Black Lives Matter

Born a crime : stories from a South African childhood book cover

Born a crime : stories from a South African childhood

Trevor Noah

791.45028092 /Noah
Black Lives Matter, Memoir, Nonfiction

Trevor Noah's unlikely path from apartheid South Africa to the desk of The Daily Show began with a criminal act: his birth. Trevor was born to a white Swiss father and a black Xhosa mother at a time when such a union was punishable by five years in prison. Living proof of his parents' indiscretion, Trevor was kept mostly indoors for the earliest years of his life, bound by the extreme and often absurd measures his mother took to hide him from a government that could, at any moment, steal him away. Finally liberated by the end of South Africa's tyrannical white rule, Trevor and his mother set forth on a grand adventure, living openly and freely and embracing the opportunities won by a centuries-long struggle. Born a Crime is the story of a mischievous young boy who grows into a restless young man as he struggles to find himself in a world where he was never supposed to exist. It is also the story of that young man's relationship with his fearless, rebellious, and fervently religious mother—his teammate, a woman determined to save her son from the cycle of poverty, violence, and abuse that would ultimately threaten her own life. The stories collected here are by turns hilarious, dramatic, and deeply affecting. Whether subsisting on caterpillars for dinner during hard times, being thrown from a moving car during an attempted kidnapping, or just trying to survive the life-and-death pitfalls of dating in high school, Trevor illuminates his curious world with an incisive wit and unflinching honesty. His stories weave together to form a moving and searingly funny portrait of a boy making his way through a damaged world in a dangerous time, armed only with a keen sense of humor and a mother's unconventional, unconditional love.

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No ashes in the fire : coming of age black & free in America book cover

No ashes in the fire : coming of age black & free in America

Darnell L. Moore

BIOGRAPHY Moore, Darnell L.
Black Lives Matter, Memoir

"When Darnell L. Moore was fourteen years old, three boys from his neighborhood tried to set him on fire as he was walking home from school. Darnell was tall and awkward and constantly bullied for being gay. That afternoon, one of the boys doused him with gasoline and tried lighting a match. It was too windy, and luckily Darnell's aunt arrived in time to grab Darnell and pull him to safety. It was not the last time he would face death. What happens to the black boys who come of age in neglected, poor, heavily policed, and economically desperate cities that the War on Drugs and mass incarceration have created? How do they learn to live, love, and grow up? Darnell was raised in Camden, NJ, the son of two teenagers on welfare struggling to make ends meet. He explored his sexuality during the height of the AIDS epidemic, when being gay was a death sentence. He was beaten down and ignored by white and black America, by his school, and even his church, the supposed place of sanctuary. He made it out, but as he quickly learned, escaping Camden, escaping poverty, and coming out do not guarantee you freedom. It wasn't until Darnell was pushed into the spotlight at a Newark rally after the murder of a young queer woman that he found his voice and his calling. He became a leading organizer with Black Lives Matter, a movement that recognized him and insisted that his life mattered. In recovering the beauty, joy, and love in his own life, No Ashes in the Fire gives voice to the rich, varied experiences of all those who survive on the edges of the margins. In the process, he offers a path toward liberation"--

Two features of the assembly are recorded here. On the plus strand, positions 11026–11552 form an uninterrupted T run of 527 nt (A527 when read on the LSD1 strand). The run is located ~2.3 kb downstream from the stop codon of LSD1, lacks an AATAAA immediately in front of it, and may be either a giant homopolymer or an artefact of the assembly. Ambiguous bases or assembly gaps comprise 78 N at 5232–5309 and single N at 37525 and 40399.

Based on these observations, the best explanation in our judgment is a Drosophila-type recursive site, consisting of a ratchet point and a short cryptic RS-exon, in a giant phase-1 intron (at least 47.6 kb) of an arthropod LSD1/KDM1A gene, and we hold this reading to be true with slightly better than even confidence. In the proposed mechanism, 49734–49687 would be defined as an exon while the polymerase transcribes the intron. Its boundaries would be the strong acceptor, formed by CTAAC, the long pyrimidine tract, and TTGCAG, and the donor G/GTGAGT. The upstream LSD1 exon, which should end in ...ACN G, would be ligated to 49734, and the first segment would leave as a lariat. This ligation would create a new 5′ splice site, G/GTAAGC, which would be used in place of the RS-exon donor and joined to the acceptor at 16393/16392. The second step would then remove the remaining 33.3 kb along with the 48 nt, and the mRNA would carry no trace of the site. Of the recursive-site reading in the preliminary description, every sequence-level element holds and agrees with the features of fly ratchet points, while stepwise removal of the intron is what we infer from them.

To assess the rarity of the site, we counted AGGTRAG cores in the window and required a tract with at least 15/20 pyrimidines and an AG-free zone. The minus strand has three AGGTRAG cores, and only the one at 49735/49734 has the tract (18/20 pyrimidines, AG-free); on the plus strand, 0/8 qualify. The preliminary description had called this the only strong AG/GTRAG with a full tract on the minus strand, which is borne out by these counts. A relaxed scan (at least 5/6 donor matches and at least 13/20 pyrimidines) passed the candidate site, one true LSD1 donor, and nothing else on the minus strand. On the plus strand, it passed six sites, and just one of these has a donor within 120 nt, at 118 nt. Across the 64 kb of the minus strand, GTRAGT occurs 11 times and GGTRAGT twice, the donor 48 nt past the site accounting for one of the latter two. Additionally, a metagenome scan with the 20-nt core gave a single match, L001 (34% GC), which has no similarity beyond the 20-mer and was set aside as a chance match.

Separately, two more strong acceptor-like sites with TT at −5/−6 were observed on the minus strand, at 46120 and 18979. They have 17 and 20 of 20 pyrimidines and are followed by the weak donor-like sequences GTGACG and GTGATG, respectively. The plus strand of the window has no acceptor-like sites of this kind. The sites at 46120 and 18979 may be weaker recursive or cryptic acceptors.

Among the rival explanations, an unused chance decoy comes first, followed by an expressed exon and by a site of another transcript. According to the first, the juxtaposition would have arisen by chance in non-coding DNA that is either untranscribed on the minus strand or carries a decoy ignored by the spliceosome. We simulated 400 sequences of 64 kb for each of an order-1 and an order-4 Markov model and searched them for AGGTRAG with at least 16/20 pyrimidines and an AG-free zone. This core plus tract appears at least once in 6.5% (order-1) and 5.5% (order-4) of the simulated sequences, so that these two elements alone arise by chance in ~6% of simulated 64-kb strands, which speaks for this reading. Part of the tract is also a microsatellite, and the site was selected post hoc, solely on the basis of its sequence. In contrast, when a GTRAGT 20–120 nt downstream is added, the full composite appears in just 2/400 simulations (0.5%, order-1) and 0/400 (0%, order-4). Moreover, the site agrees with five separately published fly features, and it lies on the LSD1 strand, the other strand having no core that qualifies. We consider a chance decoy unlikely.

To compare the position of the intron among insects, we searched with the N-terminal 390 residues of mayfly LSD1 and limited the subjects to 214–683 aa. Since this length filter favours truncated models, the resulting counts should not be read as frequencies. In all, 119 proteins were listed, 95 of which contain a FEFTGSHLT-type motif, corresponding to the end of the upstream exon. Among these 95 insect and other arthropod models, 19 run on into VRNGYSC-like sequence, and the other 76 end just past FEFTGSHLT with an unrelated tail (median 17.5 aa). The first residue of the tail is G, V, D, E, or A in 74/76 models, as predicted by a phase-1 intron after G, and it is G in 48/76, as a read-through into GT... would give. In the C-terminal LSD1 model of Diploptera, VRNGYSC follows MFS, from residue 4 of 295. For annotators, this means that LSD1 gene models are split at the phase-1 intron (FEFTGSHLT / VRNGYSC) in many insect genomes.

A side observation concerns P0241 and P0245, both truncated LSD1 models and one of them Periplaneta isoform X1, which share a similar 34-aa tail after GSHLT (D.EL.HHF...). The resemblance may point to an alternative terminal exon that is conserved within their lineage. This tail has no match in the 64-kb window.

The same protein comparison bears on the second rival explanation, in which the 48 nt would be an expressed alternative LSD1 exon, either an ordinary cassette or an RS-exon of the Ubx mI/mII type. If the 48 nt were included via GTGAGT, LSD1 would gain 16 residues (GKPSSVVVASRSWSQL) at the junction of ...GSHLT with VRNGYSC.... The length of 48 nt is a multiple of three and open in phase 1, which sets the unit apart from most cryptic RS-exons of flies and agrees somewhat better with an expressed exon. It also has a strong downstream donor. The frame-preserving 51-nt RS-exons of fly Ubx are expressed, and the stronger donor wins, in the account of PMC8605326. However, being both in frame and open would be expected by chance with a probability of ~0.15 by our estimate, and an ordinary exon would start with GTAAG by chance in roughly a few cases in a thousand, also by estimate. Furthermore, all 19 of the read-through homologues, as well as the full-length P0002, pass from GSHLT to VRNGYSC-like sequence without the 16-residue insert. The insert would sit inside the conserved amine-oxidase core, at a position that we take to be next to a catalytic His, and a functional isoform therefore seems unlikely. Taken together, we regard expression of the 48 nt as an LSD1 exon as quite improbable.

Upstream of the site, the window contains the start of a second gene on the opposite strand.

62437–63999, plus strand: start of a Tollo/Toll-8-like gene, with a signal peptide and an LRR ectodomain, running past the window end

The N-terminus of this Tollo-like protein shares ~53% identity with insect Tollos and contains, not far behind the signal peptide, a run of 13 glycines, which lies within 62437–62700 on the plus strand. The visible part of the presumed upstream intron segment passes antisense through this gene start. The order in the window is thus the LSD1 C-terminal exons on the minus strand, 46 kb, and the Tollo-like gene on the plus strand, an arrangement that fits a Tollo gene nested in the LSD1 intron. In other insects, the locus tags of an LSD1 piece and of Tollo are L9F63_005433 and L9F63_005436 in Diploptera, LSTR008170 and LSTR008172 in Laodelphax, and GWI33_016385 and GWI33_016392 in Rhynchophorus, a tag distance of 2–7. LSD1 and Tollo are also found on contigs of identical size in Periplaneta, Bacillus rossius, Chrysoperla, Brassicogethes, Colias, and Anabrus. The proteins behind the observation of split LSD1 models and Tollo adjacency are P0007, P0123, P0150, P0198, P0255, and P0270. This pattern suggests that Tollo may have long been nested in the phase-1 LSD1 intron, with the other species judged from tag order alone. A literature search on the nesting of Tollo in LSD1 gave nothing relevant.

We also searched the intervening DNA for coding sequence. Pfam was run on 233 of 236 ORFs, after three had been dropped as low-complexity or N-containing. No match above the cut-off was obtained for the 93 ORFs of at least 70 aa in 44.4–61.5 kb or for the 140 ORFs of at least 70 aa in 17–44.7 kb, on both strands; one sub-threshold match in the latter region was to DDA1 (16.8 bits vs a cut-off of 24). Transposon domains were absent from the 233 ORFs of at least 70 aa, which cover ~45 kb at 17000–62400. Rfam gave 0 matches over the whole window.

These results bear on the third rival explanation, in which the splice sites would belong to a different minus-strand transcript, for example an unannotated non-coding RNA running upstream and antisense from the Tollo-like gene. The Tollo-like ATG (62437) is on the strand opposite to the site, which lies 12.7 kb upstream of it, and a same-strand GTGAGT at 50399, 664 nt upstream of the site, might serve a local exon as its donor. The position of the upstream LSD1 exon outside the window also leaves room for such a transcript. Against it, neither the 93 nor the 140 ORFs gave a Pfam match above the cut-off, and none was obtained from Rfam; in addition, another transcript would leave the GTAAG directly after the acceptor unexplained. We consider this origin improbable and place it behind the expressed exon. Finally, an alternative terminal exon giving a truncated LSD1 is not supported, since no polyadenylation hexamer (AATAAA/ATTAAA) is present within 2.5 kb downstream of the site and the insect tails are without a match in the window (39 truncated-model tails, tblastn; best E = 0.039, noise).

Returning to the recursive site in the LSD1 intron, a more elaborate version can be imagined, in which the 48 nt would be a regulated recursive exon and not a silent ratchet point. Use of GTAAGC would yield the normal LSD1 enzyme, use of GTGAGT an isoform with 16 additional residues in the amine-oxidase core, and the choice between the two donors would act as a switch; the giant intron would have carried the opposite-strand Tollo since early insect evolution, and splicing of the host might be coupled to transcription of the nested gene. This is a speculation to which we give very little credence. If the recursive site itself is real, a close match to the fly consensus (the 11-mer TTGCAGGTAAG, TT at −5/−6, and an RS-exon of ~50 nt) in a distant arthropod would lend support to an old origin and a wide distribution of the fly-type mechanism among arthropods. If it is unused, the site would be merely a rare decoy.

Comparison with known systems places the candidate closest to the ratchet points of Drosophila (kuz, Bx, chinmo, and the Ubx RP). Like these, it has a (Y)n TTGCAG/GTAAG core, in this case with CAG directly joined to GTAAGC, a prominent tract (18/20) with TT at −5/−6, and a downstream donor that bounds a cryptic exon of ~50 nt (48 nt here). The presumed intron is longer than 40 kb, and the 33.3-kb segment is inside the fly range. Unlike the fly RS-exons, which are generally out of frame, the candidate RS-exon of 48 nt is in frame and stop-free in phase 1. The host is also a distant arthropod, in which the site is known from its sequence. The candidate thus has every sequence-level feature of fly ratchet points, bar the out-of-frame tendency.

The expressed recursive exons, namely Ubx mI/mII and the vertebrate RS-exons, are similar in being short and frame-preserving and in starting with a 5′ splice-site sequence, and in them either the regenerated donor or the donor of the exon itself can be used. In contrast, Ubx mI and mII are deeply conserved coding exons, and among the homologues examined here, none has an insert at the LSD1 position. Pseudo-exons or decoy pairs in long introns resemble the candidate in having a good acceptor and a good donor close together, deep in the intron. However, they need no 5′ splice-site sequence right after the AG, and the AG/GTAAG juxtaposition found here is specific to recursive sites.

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The autobiography of Malcolm X book cover

The autobiography of Malcolm X

Malcolm X

BIOGRAPHY X, Malcolm
Black Lives Matter, Black History, Nonfiction, Biographies

In the searing pages of this classic autobiography, originally published in 1964, Malcolm X, the Muslim leader, firebrand, and anti-integrationist, tells the extraordinary story of his life and the growth of the Black Muslim movement. His fascinating perspective on the lies and limitations of the American Dream, and the inherent racism in a society that denies its nonwhite citizens the opportunity to dream, gives extraordinary insight into the most urgent issues of our own time. The Autobiography of Malcolm X stands as the definitive statement of a movement and a man whose work was never completed but whose message is timeless. It is essential reading for anyone who wants to understand America.

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Brown girl dreaming book cover

Brown girl dreaming

Jacqueline Woodson

jBIOGRAPHY Woodson, Jacqueline
Black Lives Matter, Read Woke, Biographies, Poetry, Literary Nonfiction, Memoir

"The author shares her childhood memories and reveals the first sparks that ignited her writing career in free-verse poems about growing up in the North and South"--

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Pick this one up, especially now, even if you've read it before. Woodson's story resonates with quiet truth, resiliency, and hope. -Casey